What is hyperglycaemia?
Hyperglycaemia – also known as ‘hypers’ or ‘highs’ – occurs when your blood glucose levels are higher than normal. A high blood glucose level is usually 7 millimoles per litre (mmol/L) before meals, and above 8.5mmol/L after meals (though these may vary from your individual blood glucose targets). Both people with type 1 and people with type 2 diabetes experience hypers.
While it’s normal for your blood glucose levels to go up and down throughout the day, having consistently high levels of more than 10mmol/L over the course of weeks or months can cause complications. This is why it’s important to regularly check your levels and seek help from your GP, endocrinologist or diabetes educator if your readings are high over a sustained period of time.
What causes hypers?
There are many factors that can cause your blood glucose levels to rise. Some of the most common are:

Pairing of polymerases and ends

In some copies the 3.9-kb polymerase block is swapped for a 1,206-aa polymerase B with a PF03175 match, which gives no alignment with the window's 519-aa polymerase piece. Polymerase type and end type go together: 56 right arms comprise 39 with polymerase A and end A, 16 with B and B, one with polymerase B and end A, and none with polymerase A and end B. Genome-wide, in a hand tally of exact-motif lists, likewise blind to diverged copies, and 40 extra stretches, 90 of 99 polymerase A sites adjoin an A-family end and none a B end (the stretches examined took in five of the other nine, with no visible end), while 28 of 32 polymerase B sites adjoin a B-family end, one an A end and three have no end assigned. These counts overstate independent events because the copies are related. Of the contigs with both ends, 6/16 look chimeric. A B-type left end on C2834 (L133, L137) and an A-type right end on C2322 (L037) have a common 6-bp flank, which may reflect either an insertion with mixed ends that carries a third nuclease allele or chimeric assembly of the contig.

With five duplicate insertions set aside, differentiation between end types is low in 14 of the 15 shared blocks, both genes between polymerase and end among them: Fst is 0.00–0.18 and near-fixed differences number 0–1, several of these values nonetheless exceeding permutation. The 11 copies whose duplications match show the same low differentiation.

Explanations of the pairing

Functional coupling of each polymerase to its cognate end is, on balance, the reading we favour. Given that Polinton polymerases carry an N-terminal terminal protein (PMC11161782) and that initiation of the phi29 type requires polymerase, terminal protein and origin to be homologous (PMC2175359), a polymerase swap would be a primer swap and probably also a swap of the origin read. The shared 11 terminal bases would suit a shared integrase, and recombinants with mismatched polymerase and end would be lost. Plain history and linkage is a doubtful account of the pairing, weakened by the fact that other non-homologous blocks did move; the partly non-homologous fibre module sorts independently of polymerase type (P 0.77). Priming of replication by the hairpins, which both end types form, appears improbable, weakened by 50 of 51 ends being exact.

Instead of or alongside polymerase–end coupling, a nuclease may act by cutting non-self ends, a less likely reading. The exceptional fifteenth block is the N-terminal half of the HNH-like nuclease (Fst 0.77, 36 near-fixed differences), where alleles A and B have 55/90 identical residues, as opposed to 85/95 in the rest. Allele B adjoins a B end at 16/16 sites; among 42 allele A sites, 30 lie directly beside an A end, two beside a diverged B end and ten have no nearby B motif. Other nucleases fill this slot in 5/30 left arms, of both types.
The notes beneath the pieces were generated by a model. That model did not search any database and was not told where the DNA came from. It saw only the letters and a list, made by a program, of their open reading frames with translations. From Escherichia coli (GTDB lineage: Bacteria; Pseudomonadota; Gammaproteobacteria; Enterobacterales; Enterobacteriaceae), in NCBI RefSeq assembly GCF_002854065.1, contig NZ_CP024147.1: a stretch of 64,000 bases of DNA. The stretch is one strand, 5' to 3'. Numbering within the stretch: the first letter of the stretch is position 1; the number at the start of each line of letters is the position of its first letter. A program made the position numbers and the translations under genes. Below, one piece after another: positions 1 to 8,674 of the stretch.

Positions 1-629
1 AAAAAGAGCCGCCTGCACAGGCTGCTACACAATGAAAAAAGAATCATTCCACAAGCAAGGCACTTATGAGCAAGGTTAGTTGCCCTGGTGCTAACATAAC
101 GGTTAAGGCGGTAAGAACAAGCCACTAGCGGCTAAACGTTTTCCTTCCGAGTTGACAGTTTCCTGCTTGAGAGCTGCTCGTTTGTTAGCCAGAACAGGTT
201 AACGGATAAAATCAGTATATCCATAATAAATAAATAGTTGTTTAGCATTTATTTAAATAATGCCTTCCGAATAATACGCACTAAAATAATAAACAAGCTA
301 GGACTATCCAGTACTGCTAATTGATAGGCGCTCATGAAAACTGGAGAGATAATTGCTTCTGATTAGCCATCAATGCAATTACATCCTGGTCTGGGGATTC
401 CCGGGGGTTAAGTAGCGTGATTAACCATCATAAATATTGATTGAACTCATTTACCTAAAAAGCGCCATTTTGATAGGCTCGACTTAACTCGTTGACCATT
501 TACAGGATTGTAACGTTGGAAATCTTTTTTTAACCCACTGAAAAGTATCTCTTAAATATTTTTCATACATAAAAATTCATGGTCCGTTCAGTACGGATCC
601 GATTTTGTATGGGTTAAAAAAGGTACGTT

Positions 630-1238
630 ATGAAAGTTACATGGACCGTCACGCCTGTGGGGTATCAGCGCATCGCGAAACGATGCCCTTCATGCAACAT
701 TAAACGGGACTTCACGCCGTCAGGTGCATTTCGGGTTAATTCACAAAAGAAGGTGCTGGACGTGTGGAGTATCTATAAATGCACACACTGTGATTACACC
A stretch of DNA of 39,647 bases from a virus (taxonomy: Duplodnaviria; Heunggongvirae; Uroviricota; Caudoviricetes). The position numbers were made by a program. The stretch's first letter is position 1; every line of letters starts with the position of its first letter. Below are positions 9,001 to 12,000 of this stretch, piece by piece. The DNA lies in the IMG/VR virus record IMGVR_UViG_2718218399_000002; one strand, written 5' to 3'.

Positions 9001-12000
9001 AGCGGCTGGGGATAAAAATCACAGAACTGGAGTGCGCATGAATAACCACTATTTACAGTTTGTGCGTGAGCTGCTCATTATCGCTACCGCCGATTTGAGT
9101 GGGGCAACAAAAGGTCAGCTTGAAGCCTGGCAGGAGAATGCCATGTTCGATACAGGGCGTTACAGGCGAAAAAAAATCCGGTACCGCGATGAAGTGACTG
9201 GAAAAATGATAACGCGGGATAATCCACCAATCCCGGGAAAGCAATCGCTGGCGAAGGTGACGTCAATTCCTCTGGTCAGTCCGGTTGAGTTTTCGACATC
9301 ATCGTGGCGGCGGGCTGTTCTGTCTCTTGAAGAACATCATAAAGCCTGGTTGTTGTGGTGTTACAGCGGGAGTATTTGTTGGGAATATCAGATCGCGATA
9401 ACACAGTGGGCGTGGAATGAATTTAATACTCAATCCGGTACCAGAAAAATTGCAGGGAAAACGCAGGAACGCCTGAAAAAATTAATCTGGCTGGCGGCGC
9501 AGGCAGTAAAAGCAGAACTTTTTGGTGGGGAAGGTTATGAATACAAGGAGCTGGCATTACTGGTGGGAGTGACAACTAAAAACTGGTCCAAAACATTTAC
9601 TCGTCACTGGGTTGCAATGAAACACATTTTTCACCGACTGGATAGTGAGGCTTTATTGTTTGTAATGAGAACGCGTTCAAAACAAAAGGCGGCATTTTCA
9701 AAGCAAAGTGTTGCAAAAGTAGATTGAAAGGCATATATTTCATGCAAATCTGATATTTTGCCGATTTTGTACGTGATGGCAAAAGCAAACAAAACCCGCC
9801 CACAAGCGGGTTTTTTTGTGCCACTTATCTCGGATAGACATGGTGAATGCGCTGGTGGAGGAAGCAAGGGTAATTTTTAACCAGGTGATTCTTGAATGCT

- Missing or skipping a dose of insulin or medication
- Feeling excessively stressed out
- Being less active than usual
- Eating too many carbohydrates
- Feeling unwell after having an infection
- Over-treating hypos (low blood glucose levels)
What are the warning signs?
- Excessive thirst
- Frequently passing large volumes of urine
- Blurry vision
- Tiredness or fatigue
How should I treat them?
Take action against hypers by:
- Going for a walk to help lower your blood glucose levels – just remember not to overdo it as high-intensity exercise can cause your levels to rise again.
- Drinking plenty of sugar-free fluids
- If your blood glucose levels remain over 15mmol/L for more than 8-12 hours; or you are vomiting to the point where you’re unable to drink and are having difficulty eating; or there are moderate to large ketones in your urine, contact your doctor for advice, or head to the hospital.
How can I prevent them?
Ward off hypers by:
- Keeping track of your carbohydrate intake, so you can look for patterns in how carbs may affect your blood glucose levels. It may be helpful to take note of your carb intake in a diary for a few weeks, and then discuss your findings with your dietitian or diabetes educator.
- Taking your diabetes medication and insulin as instructed (even when you’re unwell), and adjusting your dosage as your care team advises
- Maintaining an active lifestyle